Here’s A Reminder That BMW Will Probably Kill Off Its V12 By 2023

The company 'doesn't see a future' in the V12 engine

2020 BMW 7 Series
BMW’s V12 engine likely won’t survive past the current generation 7 Series. [Photos: BMW]

File this under ‘sad, but not surprising.’

If you’re a fan, now would be a good time to pour one out in remembrance of the V12 engine. More specifically, BMW’s V12, which is still in production. It lives in the current 7 Series, and BMW will continue building it for the new model. That model will stick around until 2023, in which case BMW will likely drop the engine from its lineup.

During an in-depth interview with Autoblog, CEO Markus Flasch laid out M GmbH (otherwise known as M Division)’s strategy as well as BMW’s plan for its future models. Among those plans is a possible, even likely, decision to scrap the V12 from the brand’s lineup. It’s been a staple of the BMW 7 Series for years, and the current M760i has a twin-turbocharged 6.0-liter engine with 600 horsepower.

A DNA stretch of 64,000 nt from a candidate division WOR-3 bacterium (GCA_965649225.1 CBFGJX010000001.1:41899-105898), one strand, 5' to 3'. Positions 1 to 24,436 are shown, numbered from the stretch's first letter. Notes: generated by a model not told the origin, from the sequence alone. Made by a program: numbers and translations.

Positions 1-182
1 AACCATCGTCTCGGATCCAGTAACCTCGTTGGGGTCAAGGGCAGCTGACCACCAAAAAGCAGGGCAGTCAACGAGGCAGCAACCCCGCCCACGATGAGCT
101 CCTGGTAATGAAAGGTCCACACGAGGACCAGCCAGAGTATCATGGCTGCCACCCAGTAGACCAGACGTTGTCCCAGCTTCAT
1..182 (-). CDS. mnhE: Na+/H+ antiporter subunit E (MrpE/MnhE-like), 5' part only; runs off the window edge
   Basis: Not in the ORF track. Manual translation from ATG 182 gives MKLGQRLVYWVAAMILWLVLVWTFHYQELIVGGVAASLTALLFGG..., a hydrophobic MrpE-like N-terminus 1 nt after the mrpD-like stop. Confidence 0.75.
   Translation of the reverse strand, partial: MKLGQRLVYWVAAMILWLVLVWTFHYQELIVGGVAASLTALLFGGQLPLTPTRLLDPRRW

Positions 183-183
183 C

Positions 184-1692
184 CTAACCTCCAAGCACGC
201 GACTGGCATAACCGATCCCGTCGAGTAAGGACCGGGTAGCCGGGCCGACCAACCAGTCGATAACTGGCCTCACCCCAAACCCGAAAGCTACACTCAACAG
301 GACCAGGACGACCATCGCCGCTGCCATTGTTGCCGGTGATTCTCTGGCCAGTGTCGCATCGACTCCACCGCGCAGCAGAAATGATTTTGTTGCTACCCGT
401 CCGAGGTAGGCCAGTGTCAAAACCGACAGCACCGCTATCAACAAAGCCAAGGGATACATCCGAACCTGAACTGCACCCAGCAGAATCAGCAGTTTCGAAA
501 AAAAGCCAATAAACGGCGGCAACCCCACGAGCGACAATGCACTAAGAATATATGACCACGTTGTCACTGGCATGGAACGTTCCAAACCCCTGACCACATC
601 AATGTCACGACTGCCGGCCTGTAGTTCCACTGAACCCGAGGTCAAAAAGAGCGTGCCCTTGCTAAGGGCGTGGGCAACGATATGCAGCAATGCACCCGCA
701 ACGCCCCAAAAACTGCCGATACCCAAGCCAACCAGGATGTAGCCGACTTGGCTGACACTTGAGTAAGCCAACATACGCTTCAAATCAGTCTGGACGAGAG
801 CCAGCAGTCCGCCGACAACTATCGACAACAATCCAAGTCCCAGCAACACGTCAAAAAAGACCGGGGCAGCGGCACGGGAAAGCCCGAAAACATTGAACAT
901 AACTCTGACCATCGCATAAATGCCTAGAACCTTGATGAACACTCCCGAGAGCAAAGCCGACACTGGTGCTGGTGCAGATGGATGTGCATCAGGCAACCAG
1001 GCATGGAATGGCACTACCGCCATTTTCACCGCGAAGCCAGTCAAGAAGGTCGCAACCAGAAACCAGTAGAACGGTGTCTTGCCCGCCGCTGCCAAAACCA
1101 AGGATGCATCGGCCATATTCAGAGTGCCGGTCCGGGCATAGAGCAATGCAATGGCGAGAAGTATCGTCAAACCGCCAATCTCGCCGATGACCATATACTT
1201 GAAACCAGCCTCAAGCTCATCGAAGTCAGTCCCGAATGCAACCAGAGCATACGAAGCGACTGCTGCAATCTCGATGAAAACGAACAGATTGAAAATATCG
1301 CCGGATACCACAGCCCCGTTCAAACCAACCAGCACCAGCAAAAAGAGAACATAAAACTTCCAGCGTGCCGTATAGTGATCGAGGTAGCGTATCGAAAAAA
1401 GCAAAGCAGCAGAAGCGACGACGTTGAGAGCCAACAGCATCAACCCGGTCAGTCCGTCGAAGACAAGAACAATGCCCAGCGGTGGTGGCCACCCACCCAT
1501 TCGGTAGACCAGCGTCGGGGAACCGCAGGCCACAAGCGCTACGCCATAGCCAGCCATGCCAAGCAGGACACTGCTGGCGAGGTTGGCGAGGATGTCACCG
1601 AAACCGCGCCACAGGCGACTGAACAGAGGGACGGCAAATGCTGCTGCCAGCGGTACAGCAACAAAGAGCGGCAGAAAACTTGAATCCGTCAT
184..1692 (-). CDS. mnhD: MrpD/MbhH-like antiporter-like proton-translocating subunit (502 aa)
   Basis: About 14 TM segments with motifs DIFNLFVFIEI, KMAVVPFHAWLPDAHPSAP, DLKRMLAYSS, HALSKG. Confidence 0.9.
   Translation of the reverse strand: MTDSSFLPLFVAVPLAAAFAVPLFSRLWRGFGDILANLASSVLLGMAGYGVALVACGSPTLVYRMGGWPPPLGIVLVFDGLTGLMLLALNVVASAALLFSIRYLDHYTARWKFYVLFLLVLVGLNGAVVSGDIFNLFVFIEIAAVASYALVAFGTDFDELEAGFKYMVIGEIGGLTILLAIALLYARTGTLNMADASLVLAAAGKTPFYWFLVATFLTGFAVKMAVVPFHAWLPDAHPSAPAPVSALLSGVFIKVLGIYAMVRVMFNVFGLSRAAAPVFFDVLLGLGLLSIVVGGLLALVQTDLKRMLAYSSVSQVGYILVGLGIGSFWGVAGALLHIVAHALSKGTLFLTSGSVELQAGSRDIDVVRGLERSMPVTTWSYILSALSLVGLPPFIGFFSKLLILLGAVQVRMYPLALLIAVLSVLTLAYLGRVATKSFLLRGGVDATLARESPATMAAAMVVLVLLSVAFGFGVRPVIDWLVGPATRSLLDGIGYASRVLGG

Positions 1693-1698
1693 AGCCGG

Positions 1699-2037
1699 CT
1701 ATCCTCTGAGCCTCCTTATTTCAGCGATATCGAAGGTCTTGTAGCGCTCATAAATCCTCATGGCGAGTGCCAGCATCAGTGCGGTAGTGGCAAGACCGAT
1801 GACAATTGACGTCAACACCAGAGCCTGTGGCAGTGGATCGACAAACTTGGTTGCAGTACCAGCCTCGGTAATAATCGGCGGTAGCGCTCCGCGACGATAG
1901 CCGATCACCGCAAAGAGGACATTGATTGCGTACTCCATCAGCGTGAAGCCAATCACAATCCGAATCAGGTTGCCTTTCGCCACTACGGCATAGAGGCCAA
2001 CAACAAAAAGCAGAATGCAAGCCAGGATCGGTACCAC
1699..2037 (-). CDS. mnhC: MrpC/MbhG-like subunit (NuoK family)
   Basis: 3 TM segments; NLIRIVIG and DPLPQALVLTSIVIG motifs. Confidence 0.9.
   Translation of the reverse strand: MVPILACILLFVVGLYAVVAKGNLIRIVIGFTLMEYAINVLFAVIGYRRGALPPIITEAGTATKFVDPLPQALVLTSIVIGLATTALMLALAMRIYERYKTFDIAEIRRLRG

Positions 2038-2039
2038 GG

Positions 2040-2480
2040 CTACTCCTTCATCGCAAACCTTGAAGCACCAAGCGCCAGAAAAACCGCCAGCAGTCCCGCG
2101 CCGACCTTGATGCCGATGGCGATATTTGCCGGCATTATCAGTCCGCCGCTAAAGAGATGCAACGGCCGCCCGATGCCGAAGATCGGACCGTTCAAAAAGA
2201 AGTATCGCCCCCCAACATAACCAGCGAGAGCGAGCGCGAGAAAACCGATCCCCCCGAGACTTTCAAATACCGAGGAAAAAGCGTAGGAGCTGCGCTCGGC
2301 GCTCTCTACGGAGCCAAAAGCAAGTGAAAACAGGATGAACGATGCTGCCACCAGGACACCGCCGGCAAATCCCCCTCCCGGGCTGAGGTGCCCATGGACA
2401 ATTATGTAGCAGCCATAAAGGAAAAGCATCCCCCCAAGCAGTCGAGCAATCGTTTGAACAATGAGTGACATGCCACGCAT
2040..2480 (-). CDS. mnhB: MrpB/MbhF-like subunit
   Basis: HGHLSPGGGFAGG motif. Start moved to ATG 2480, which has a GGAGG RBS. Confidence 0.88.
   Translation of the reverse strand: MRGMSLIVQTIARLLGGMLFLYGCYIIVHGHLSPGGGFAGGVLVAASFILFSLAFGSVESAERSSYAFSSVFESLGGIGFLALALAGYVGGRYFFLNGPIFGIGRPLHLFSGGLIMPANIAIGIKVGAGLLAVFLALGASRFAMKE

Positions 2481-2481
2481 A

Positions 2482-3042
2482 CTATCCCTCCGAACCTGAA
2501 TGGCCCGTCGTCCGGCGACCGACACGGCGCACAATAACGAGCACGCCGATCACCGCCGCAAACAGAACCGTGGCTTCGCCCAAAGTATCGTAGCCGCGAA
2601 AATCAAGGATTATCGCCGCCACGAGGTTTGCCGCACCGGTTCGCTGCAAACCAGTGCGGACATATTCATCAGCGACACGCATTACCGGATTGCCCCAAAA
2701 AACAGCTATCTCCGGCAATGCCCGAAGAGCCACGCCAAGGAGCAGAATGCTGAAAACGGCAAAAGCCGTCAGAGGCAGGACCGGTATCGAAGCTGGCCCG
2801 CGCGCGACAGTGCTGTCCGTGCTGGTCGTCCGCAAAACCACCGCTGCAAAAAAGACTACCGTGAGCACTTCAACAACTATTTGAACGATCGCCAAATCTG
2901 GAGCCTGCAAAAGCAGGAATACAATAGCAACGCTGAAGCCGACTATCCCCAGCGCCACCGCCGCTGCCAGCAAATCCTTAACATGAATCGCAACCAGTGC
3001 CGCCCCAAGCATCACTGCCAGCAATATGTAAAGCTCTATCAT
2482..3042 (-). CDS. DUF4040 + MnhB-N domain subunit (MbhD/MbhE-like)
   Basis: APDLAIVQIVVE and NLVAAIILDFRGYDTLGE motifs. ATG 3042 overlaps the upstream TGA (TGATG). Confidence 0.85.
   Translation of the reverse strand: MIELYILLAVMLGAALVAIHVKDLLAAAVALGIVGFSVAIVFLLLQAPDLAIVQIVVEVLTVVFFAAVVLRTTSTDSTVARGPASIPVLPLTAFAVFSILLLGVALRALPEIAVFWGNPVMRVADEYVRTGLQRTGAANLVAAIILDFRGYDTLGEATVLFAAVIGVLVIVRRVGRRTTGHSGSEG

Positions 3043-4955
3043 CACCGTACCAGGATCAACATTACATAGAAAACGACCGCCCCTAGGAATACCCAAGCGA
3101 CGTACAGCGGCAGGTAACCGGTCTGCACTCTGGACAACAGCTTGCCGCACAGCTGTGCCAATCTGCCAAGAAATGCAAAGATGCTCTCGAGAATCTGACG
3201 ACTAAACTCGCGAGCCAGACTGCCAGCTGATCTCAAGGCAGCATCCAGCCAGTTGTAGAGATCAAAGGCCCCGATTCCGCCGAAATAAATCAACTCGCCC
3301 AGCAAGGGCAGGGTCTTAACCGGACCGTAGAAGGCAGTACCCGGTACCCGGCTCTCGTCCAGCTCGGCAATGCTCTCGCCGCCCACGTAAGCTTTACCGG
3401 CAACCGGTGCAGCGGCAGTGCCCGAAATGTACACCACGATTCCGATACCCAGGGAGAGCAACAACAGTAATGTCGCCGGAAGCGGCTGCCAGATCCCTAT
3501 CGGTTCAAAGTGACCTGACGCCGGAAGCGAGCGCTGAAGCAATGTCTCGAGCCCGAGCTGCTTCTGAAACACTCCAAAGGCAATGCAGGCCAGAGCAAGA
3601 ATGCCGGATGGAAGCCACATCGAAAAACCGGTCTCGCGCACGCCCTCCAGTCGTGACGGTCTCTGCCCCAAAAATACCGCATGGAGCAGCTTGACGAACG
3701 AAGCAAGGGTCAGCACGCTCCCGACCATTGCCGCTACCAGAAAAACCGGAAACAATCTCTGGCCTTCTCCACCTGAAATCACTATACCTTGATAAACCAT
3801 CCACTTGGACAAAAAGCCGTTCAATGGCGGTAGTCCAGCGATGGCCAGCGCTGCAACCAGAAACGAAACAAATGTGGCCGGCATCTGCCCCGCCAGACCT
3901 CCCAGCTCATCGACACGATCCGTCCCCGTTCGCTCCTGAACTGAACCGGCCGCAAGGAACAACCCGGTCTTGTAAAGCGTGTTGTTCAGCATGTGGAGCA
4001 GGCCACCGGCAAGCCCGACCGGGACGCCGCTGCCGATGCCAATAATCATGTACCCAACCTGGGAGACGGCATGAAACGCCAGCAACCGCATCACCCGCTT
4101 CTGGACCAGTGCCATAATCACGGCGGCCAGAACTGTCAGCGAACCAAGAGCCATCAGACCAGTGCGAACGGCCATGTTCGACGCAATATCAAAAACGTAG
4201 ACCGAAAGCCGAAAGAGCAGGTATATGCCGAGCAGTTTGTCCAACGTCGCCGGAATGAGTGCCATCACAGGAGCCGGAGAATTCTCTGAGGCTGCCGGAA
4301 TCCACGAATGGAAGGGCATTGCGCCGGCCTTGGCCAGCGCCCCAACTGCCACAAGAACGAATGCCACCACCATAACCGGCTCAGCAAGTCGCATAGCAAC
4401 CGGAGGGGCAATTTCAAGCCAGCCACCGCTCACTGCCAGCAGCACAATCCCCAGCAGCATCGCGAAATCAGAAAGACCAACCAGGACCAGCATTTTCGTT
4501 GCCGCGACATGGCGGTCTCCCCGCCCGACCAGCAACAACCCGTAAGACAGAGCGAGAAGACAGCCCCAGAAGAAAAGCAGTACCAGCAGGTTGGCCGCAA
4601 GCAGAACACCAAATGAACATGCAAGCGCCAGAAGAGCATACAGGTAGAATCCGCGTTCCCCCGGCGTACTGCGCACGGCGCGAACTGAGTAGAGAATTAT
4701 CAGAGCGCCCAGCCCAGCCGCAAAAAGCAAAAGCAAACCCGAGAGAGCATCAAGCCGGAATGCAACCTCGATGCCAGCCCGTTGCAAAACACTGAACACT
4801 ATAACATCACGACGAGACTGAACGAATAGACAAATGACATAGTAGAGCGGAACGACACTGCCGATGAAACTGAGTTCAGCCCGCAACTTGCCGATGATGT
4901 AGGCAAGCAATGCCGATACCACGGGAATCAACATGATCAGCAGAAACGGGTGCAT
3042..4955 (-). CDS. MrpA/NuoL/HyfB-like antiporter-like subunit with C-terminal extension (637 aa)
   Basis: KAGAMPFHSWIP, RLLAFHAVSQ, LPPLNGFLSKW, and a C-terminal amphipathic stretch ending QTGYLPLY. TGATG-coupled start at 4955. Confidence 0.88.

According to CarScoops, BMW’s V12 engine has not been an unpopular one. The car reportedly sells well in the Middle East and China. What’s more, the plant that produces the engine has been at capacity since BMW introduced the M760i in 2008.

Instead, the problem has to do with emissions. As governments clamp down on large displacement engines with tighter regulations, there is less and less room for the gargantuan twelve-cylinder unit. The current engine produces 600 horsepower, but new emissions rules require more power-sapping hardware. Meanwhile, their 4.4-liter twin-turbo V8 engine produces the same, if not more, horsepower and is cleaner on emissions.

2020 BMW 7 Series

Changes moving forward

Autoblog asked Flasch point-blank, “You are also responsible for the twelve-cylinder engine. Does it have a future?” Flasch responded, “beyond what we have, I don’t believe we will see a new twelve-cylinder model in the foreseeable future.” While BMW could hybridize the engine to make it cleaner, it seems the company may focus on boosting its smaller powertrains instead.

Still, BMW (and its tuning associates) manage plenty of firepower with a V8 engine. Case in point, the Alpina B7: